More information can be found at this event page (or this one), and yeah, I'll be making a map.

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As a long time advocate for a thriving downtown art scene ( since circa 1990..yep, a long time) I have witnessed and actively participated for years in the evolution of both Art Detour and then First Friday. It has been a fascinating 2 decades of change and growth. I don't think anyone back in the days imaged the sheer volume of people that now support the downtown art scene by attending the many events scheduled throughout the year.Once upon a time there was only Art Detour-it was huge because it was the only time you could see a critical mass of art in one fell swoop. That has changed. I have noticed that Art Detour audiences have dwindled and it is of no surprise. The urgency to head downtown one weekend in March is no longer there. Art Detour essentially happens...well, every First Friday.So, the story goes. We evolve and change with the time.Perhaps Claire is pointing out the inevitable but some things die hard.Other comments here have noted that Art Link does more than just Art Detour. Maybe it is time for Art Link to refocus their energy in new directions.


I'm new to Phoenix and am really interested in the first Friday/Artdetour events. But it's really hard to get info on events since Artlink never updates their website. That seems like an easy way to keep info out there about events that requires minimal time and money of that's a factor.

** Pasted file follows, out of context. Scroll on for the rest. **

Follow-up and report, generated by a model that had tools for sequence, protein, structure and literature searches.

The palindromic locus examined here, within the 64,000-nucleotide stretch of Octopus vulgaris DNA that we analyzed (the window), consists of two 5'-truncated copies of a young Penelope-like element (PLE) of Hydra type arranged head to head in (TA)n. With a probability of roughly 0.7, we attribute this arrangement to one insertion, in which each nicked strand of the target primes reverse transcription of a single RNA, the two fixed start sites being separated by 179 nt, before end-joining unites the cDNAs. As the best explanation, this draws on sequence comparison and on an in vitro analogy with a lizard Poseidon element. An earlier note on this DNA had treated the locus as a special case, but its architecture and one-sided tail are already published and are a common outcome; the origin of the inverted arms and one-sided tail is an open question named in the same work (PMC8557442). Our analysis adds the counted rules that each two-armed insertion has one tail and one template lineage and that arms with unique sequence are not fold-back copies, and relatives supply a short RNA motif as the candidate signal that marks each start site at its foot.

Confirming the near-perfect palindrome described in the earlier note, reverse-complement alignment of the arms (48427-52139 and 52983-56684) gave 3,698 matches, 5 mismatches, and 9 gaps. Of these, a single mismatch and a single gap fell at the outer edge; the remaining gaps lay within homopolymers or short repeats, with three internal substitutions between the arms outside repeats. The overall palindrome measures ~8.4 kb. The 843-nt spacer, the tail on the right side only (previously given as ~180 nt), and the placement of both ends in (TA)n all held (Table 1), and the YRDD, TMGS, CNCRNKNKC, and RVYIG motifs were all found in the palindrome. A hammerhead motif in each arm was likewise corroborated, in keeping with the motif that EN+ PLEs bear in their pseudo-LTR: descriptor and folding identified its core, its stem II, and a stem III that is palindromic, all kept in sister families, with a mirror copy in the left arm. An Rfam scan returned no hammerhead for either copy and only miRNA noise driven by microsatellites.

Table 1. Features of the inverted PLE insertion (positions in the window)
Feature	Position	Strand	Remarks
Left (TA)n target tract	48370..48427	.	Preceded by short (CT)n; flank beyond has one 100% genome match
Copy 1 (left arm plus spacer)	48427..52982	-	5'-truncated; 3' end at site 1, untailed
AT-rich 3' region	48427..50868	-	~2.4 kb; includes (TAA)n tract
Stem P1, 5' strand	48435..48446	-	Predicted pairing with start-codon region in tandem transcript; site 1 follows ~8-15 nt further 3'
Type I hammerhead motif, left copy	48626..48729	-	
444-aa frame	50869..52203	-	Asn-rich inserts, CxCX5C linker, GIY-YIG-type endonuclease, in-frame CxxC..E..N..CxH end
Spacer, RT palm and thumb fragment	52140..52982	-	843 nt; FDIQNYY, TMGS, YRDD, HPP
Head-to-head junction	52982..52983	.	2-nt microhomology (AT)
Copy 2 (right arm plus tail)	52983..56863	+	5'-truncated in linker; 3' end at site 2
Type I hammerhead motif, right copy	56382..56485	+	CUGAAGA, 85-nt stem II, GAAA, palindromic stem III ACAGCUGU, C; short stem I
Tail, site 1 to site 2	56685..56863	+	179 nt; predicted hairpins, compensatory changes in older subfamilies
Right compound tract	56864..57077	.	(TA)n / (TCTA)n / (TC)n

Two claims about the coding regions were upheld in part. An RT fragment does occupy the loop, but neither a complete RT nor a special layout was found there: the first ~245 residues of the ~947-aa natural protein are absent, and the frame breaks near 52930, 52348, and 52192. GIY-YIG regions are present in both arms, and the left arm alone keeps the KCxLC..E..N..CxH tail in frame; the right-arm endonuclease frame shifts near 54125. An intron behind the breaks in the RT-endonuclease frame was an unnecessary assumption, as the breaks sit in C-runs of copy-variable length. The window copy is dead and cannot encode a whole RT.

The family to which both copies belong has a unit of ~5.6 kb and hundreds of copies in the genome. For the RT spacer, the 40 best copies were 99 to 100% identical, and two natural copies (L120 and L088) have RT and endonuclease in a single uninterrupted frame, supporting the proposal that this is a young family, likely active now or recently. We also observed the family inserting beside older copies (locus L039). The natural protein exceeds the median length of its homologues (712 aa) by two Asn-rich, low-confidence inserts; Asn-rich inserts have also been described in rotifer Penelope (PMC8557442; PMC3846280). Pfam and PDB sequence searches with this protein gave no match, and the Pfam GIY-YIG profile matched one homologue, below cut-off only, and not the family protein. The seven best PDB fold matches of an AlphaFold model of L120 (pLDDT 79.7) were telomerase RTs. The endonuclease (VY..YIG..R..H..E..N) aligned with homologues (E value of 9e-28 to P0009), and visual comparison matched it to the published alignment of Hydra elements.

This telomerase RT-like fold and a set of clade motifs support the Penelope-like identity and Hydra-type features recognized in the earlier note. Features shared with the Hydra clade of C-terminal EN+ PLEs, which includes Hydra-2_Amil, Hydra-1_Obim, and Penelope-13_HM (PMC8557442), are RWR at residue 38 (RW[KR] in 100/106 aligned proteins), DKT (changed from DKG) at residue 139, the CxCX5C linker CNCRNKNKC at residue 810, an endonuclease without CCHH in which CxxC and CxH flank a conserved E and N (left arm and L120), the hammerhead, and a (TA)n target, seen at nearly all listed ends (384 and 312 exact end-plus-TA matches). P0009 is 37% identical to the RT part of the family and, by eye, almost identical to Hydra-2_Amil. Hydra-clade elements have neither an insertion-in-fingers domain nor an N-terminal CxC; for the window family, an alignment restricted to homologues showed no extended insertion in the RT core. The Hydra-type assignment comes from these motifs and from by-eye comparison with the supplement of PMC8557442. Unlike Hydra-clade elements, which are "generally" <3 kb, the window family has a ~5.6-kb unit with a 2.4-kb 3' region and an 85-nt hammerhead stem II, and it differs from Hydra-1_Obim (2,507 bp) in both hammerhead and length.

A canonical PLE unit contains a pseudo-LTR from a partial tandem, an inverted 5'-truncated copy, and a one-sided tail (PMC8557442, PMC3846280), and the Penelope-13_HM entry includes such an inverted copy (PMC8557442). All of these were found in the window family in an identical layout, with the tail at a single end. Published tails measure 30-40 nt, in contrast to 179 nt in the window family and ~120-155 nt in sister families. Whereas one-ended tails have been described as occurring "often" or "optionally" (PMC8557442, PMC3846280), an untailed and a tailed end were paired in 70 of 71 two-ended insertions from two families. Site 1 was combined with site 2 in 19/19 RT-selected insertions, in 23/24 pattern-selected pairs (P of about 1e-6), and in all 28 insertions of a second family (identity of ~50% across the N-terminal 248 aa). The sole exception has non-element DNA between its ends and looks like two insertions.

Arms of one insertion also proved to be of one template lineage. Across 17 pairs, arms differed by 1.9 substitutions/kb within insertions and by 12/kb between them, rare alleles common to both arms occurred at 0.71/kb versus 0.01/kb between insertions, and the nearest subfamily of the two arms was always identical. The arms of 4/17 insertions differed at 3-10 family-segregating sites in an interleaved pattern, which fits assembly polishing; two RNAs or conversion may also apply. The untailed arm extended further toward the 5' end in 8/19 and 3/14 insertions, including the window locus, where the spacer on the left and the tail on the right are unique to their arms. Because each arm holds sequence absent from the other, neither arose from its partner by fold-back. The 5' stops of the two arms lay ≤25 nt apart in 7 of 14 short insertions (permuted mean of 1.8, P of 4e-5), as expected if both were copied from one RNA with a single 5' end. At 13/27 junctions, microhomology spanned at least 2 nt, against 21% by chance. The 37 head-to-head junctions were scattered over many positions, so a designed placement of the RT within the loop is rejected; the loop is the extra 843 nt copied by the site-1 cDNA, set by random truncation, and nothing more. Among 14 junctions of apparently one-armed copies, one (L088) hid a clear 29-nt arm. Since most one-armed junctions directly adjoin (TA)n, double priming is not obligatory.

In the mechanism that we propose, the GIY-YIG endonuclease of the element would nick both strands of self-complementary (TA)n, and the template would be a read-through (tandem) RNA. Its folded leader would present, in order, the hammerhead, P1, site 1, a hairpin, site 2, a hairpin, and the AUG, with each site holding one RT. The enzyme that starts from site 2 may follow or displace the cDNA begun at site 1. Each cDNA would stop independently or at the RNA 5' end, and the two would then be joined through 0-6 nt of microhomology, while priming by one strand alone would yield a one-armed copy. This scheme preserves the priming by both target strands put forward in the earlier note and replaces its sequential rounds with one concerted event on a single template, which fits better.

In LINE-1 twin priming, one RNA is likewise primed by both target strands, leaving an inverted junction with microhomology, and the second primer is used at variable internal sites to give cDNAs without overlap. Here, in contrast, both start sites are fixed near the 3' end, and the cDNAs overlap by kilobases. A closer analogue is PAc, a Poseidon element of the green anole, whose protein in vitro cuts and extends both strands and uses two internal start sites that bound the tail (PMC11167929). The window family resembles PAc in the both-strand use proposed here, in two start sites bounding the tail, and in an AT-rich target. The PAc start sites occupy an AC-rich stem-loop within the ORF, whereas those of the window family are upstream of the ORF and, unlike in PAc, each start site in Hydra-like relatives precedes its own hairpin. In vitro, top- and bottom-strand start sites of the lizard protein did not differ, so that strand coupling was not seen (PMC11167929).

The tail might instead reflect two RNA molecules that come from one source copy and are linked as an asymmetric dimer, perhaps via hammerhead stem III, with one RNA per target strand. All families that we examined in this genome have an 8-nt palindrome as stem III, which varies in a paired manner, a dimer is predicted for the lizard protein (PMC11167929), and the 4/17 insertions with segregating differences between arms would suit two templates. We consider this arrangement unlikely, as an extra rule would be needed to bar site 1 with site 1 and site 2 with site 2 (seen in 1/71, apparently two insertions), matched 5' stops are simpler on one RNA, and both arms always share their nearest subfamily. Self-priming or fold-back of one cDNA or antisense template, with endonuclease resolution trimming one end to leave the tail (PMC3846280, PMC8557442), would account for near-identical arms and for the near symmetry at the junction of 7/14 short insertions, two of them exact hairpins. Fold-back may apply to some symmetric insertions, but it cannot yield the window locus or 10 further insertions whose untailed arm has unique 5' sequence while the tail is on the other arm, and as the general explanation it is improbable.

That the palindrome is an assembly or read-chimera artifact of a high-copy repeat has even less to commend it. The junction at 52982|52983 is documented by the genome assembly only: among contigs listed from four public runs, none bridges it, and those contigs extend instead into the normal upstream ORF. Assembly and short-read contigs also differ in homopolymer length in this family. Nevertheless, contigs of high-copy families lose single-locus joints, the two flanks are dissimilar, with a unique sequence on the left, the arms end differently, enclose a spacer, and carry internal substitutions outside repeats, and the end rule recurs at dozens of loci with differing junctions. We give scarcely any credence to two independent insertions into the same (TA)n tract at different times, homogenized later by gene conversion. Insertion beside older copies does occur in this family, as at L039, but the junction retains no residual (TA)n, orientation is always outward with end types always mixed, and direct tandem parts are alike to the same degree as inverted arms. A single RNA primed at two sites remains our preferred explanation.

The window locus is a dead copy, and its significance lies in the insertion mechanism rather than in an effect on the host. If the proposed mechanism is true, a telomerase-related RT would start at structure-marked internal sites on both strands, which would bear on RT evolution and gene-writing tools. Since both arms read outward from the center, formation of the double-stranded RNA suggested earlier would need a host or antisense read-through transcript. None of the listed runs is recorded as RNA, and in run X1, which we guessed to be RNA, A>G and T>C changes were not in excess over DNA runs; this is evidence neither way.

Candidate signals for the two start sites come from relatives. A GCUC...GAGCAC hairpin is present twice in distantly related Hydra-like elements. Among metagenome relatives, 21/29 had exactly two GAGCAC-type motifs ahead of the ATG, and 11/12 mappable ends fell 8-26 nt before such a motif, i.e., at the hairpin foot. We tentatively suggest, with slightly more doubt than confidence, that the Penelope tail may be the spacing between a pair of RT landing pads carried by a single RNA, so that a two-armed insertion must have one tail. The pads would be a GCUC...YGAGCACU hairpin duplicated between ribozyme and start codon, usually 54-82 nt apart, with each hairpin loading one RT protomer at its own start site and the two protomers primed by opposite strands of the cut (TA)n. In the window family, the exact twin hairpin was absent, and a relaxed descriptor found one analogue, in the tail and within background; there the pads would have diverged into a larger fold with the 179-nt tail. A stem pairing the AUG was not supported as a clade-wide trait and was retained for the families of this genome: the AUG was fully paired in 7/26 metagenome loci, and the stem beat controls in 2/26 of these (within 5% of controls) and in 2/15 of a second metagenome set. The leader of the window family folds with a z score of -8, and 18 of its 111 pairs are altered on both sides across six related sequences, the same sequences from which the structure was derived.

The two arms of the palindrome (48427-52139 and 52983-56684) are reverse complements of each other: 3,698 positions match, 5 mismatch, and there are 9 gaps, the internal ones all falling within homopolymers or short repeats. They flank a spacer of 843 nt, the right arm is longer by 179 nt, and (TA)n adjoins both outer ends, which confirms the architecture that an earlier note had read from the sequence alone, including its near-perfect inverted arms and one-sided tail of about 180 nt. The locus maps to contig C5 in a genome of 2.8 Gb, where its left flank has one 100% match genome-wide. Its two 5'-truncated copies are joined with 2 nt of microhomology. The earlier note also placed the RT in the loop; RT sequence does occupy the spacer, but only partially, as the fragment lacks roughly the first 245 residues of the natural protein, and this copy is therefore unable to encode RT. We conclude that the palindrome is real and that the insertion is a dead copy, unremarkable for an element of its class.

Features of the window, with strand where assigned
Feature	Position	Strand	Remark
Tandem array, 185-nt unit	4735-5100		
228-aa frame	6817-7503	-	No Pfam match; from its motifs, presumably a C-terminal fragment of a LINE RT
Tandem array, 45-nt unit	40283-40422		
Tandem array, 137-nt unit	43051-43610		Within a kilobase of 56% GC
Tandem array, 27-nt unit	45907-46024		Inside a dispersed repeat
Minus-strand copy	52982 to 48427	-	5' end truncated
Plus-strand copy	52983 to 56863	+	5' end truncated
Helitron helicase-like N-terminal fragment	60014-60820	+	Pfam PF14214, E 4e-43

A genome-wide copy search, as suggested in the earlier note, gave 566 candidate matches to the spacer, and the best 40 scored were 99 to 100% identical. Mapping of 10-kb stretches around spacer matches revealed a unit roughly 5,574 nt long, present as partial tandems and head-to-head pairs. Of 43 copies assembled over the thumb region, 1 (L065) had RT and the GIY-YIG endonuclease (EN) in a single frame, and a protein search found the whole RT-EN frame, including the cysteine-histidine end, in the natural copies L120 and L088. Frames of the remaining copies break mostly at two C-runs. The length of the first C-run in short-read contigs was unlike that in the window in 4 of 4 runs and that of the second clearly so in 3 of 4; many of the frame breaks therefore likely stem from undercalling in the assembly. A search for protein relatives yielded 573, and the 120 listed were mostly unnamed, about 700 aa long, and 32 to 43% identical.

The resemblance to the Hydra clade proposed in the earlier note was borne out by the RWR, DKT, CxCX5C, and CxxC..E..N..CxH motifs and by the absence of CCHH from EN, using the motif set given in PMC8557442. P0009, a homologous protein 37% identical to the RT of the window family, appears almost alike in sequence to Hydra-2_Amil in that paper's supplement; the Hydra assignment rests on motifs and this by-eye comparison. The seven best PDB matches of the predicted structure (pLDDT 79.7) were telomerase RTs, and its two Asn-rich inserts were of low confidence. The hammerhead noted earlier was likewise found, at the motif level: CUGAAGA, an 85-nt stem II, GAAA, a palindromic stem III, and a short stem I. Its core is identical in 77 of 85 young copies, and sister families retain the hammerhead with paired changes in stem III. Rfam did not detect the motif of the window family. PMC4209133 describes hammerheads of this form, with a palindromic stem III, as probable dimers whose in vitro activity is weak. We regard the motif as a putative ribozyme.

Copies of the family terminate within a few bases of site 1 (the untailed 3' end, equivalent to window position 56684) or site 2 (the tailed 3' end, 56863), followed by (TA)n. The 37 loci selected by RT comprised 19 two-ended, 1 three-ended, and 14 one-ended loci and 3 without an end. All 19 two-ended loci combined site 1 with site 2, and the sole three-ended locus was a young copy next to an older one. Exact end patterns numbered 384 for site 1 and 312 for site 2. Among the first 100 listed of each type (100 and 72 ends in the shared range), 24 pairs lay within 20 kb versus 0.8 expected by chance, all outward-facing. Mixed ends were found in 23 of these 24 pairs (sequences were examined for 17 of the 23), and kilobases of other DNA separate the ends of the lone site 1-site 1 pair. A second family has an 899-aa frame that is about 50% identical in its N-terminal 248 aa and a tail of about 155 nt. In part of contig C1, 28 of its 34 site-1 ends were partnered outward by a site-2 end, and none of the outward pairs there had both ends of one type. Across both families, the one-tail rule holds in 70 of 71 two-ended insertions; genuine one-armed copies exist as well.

Kevin P
Kevin P

As the Phoenix Arts have evolved and changed, so do the organizations that support them. ArtLink should stick around, there is no reason to waste all those years of effort.


Again, valid points made. Artlink could certainly be doing more with its resources to provide the galleries with a forum for their work.But, Artlink now runs two galleries, one at Civic Space and one at Heritage Square. Additionally, I see it as a positive to include their map with the Downtown Phoenix Journal. It's a sign of downtown groups coming together to support a common cause, and expose their message to a new audience.In regards to the date change, Artlink has changed the date of Art Detour before, to mixed success. This time around, I see it as a definite positive with the overload of events happening on the first weekend of March. Also, it makes sense to group the event with the artist-oriented Third Fridays, as opposed to the party-oriented First Fridays, giving true artists the chance to stage the events they want to have, and showcase their wares to an audience that cares bout creativity, not just getting loaded.Just some things to consider.

Steve Weiss
Steve Weiss

This is a very short note about one small part of your article. I and others could have a stream of conversations about this subject, but I note one small part.

In the spring, this town goes Festival Nutz.

If Art Detour was this weekend, it would be competing with the M7/Melrose Fair and the Heard Museum Annual Indian Market.I won't say that when Art Detour happens, there won't be some other festival happening, but I do know the M7/Melrose previously pulled audience from Art Detour. Whether that was a conscious decision or not, I have no idea.

Susan D.
Susan D.

Am I missing something here? So I get to drive around and look at a bunch of galleries. Other than the yellow balloons and the day of the week, what exactly separates art detour from first/third fridays?? serious question, i'm really not sure.


It's a 3 day event which allows for getting to gslleries u may usually skip on First Friday, there are daytime hours. there are kids activities at some venues, it includes artist studios as well ad galleries, and most venues show their best and most popular talent that weekend.